Are You Sleeping Well?


Some people don’t even know that they have a sleep problem.  I didn’t.  I knew it took me a long time to fall asleep, but I thought that was normal.  It had been my normal for as long as I could remember.  Only after neurofeedback changed my sleep patterns (as a happy side effect of the training I was doing for my brain injury) did I realize I hadn’t been sleeping well for a very long time.  Now, I fall asleep within 10-15 minutes instead of an hour or more.  I return to sleep easily when I occasionally wake in the night.  I wake up feeling rested instead of feeling groggy and sloth-like.


If you want to improve your sleep cycle, the first step is to see sleep as the important foundation that is.  Sleep is your most precious resource for your good health and happiness.  When you sleep well, your body repairs itself.  Quality sleep also protects you from diseases such as high blood pressure, cancer, diabetes and heart attack.  It also strengthens your immune system.


Does it take you more than 30 minutes to fall asleep? 

There are many things that can make it difficult to fall asleep.  You might be in pain or dealing with stress.  You could be revved up and have trouble calming down.  You might be worried or overextended.  Whatever is keeping you up, these basic sleep tips can help:

** Set your alarm for the same time and get up no matter how tired you are.  Waking at the same time is more important than going to bed at the same time to help reset your circadian rhythms.  (A regular bedtime is helpful, too.)

** Expose yourself to bright light when you awaken.  You can use a full spectrum daylight lamp or just open the curtains and look outside for a few minutes.

** Before you start your bedtime routine, do what you need to do to prepare for tomorrow and close out the day.

** Change your bedtime routine to be relaxing and calm for the hour before you retire.  Avoid paperwork or other work you have brought home.  Turn off the computer and television.

** Make sure you are comfortable.  If your bed and pillow are not comfortable and you don’t have enough blankets, you may have trouble falling asleep. (Socks can be helpful in the winter.)


Does your brain keep going when your head touches your pillow?

This is very common.  Here are a few things you can do to help yourself fall asleep:

** Make a list of things you need to do tomorrow and leave it next to your bed with a pen.  If another thing comes into your thoughts after you lie down, just pick up your pen and add it to your list.  If something that is on the list comes into your mind, dismiss it.  You won’t forget to do it, because it is on your list.

** Make sure your bedroom is very dark.  Use room darkening shades if you live near street lights and for nights when the moon is very bright.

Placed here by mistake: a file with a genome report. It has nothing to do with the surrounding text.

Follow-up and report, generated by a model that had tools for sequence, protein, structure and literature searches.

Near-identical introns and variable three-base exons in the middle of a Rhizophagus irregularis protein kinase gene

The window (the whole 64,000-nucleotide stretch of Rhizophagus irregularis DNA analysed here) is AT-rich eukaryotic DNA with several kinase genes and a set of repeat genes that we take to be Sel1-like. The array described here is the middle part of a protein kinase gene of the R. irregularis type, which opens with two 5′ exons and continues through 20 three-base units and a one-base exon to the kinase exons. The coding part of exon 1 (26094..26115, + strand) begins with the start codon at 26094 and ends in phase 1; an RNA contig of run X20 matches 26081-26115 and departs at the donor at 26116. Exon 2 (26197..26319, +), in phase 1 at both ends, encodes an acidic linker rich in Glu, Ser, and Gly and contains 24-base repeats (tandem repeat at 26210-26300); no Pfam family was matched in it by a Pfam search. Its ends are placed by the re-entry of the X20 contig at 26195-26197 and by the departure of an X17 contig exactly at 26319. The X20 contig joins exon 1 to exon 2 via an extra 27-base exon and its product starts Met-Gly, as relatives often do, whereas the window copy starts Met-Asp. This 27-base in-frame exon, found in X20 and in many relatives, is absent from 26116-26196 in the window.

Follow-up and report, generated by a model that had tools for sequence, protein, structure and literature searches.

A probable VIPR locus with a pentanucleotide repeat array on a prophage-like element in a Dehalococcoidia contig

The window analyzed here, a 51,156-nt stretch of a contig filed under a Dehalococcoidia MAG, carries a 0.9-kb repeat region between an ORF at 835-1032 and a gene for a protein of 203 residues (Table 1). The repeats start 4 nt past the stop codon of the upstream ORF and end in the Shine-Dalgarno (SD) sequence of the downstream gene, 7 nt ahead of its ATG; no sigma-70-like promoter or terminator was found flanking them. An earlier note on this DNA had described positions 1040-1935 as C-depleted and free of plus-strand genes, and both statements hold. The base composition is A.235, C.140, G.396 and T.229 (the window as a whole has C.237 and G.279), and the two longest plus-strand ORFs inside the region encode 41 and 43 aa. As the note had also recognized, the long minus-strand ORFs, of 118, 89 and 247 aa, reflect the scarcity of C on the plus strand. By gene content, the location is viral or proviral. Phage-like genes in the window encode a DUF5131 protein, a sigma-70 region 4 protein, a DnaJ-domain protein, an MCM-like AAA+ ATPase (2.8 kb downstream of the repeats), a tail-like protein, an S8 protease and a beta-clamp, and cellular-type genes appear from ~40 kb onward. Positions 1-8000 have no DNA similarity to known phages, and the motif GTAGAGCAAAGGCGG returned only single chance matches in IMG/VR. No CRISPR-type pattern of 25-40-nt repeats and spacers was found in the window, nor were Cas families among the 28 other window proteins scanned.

** Avoid caffeine after noon.


Do you wake often and have trouble returning to sleep?

Waking once a night is normal.  People usually wake up to use the bathroom.  Returning to sleep shouldn’t take too long.  These things can help you wake up less and return to sleep more easily:

** Avoid alcohol.  When you do drink, stop at least 3 hours before you go to bed.  Many people incorrect believe that alcohol will make them sleep better. Alcohol disrupts sleep patterns and will make getting a good night’s sleep more difficult.

** Don’t turn on all the lights when you get up.  Use a small dim flashlight to safely get to the bathroom.  Turn it off and close your eyes when you don’t need to see.

** If you keep looking at the clock, turn it away from you.  You don’t need to know what time it is.  Your alarm will wake you when it’s time to get up.  Looking at the clock repeatedly only causes stress that makes it more difficult to fall asleep.

** If noises wake you up, use a white noise machine or a fan.

Do you take over-the-counter or prescription sleep aids?

If you are taking sleep aids regularly, you are not getting a good night’s sleep.  While using sleep aids is better than getting no sleep at all, they do not deliver a natural sleep that is healing and rejuvenating.  Talk to your doctor about the possibility of discontinuing them.  Here are some techniques to discuss:

** Only take a pill if you haven’t been able to fall asleep in an hour.  This is what I did.  It worked very well with neurofeedback.

** Slowly reduce your dose over time.

** Substitute natural remedies to wean off your medication.

Are you overweight?

Obesity and sleep problems go together.  If you don’t have a good sleep cycle, your appetite increases. Sleeping well will help you loose weight.

** Start a diet diary and examine your eating patterns.

** Eat foods that are as close to their natural state as possible.

** Avoid processed foods.


How can neurofeedback help you improve your sleep?

Neurofeedback shows your brain how it is functioning and encourages it to make incremental changes toward better function.  Your brain has been trained to use its present patterns.  Neurofeedback helps your brain to create new, healthier patterns.

Sleep problem patterns show up in your brain as a physiological dysfunction.  Your brain sees these problems and makes changes to alleviate them.  During the neurofeedback learning process, your brain makes small changes and is rewarded for moving closer to optimal function.  Part of this process includes calming your entire central nervous system so you can perform at your highest potential.

Neurofeedback is easy to do.  It requires very little conscious effort.  Everyone can benefit no matter what their age.  If you are having trouble changing your sleep patterns, neurofeedback can give you the extra help you need to achieve a healthy, rejuvenating sleep process.